Search tips
Search criteria 


Logo of ejhgLink to Publisher's site
Eur J Hum Genet. 2014 January; 22(1): 126–131.
Published online 2013 April 17. doi:  10.1038/ejhg.2013.69
PMCID: PMC3865403

Kernel canonical correlation analysis for assessing gene–gene interactions and application to ovarian cancer


Although single-locus approaches have been widely applied to identify disease-associated single-nucleotide polymorphisms (SNPs), complex diseases are thought to be the product of multiple interactions between loci. This has led to the recent development of statistical methods for detecting statistical interactions between two loci. Canonical correlation analysis (CCA) has previously been proposed to detect gene–gene coassociation. However, this approach is limited to detecting linear relations and can only be applied when the number of observations exceeds the number of SNPs in a gene. This limitation is particularly important for next-generation sequencing, which could yield a large number of novel variants on a limited number of subjects. To overcome these limitations, we propose an approach to detect gene–gene interactions on the basis of a kernelized version of CCA (KCCA). Our simulation studies showed that KCCA controls the Type-I error, and is more powerful than leading gene-based approaches under a disease model with negligible marginal effects. To demonstrate the utility of our approach, we also applied KCCA to assess interactions between 200 genes in the NF-κB pathway in relation to ovarian cancer risk in 3869 cases and 3276 controls. We identified 13 significant gene pairs relevant to ovarian cancer risk (local false discovery rate <0.05). Finally, we discuss the advantages of KCCA in gene–gene interaction analysis and its future role in genetic association studies.

Keywords: association studies, canonical correlation, gene–gene interaction, kernel methods


Genome-wide association studies (GWAS) have identified hundreds of loci that harbor genetic variants that influence predisposition to a particular phenotype. Such studies involve the characterization of a large number of single-nucleotide polymorphisms (SNPs) across the genome and comparison of the frequency of variants across disease states. Initial GWAS analysis strategies involved single locus models, whereby individual markers were tested independently for association with a given phenotype. Although this approach has successfully identified regions of disease susceptibility, some contend it has failed to fully explain the heritability of complex phenotypes.1, 2 As common complex diseases and traits are thought to be a result of complex interactions and multiple low-penetrance variants,3, 4 multi-locus SNP models, as opposed to single SNP models, may better capture the true underlying genotypic–phenotypic relationship.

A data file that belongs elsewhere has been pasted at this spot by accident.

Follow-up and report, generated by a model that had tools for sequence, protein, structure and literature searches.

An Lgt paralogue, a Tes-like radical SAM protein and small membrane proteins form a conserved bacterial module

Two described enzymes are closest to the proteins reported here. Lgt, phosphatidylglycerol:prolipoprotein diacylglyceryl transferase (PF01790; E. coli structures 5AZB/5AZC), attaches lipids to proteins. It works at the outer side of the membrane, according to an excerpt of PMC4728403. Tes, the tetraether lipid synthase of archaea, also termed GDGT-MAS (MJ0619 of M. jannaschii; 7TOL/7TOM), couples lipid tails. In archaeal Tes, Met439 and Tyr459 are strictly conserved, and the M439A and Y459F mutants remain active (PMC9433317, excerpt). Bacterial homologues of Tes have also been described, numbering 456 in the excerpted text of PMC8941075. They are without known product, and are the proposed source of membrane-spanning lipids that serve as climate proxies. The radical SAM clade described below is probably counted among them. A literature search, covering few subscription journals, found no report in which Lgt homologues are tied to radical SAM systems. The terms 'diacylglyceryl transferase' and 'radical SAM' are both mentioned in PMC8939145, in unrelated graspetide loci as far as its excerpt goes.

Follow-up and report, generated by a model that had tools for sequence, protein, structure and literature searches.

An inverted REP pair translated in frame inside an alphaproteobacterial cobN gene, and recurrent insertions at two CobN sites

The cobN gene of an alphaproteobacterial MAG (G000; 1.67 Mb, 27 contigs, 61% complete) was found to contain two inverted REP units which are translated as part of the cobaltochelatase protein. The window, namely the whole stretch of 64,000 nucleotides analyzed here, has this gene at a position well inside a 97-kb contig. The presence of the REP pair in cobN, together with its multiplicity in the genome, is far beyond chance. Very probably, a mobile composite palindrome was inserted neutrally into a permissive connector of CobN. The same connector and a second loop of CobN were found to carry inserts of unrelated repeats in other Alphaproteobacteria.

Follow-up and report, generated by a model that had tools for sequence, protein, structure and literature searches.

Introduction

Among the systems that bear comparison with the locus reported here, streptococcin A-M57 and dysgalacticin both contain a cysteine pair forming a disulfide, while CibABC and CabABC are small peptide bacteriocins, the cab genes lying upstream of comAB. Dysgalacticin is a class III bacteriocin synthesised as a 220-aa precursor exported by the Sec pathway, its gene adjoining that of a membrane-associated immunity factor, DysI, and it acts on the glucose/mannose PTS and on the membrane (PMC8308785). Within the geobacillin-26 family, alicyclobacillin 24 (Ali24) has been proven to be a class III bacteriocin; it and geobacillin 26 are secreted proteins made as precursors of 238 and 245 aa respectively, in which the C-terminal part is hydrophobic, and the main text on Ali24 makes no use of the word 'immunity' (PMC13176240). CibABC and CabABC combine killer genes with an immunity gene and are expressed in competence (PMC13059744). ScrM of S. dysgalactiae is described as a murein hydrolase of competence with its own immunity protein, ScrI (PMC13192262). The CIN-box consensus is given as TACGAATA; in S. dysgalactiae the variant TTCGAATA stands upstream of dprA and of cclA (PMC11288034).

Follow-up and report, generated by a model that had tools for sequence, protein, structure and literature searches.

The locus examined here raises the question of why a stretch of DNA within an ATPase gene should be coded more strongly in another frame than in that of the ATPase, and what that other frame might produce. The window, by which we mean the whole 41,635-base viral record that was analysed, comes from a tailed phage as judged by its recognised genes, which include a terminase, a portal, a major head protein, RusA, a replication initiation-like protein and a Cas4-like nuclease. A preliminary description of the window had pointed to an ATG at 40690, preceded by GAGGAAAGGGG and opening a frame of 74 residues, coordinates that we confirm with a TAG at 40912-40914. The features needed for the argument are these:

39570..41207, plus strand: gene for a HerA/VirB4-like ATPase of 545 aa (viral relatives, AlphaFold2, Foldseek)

One strategy for multi-locus modeling is to jointly model the effects all SNPs within a given gene (eg, multivariable logistic regression models). However, this approach may lack power as the degrees of freedom of the model could be large and may require filtering or shrinkage approaches. Another drawback to the joint modeling of multiple SNPs within a gene is possible model fitting issues due to multicollinearity between SNPs (ie, linkage disequilibrium (LD)), as well as the lack of inclusion of LD information in the analysis. Recently, this idea of gene-level analysis has led to the concept of gene–gene interaction analysis, as opposed to SNP–SNP interaction approaches. Gene–gene interactions are not only hypothesized to have a large role in explaining missing heritability,5 they can also serve to provide biological information through construction of novel gene pathway topologies. Although classically gene–gene interactions have been defined statistically as deviance from additive marginal effects, such as in the case of logistic regression model, this type of model is limiting with respect to statistical power. Moreover, the results of such SNP–SNP interaction analyses lack clear biological interpretability.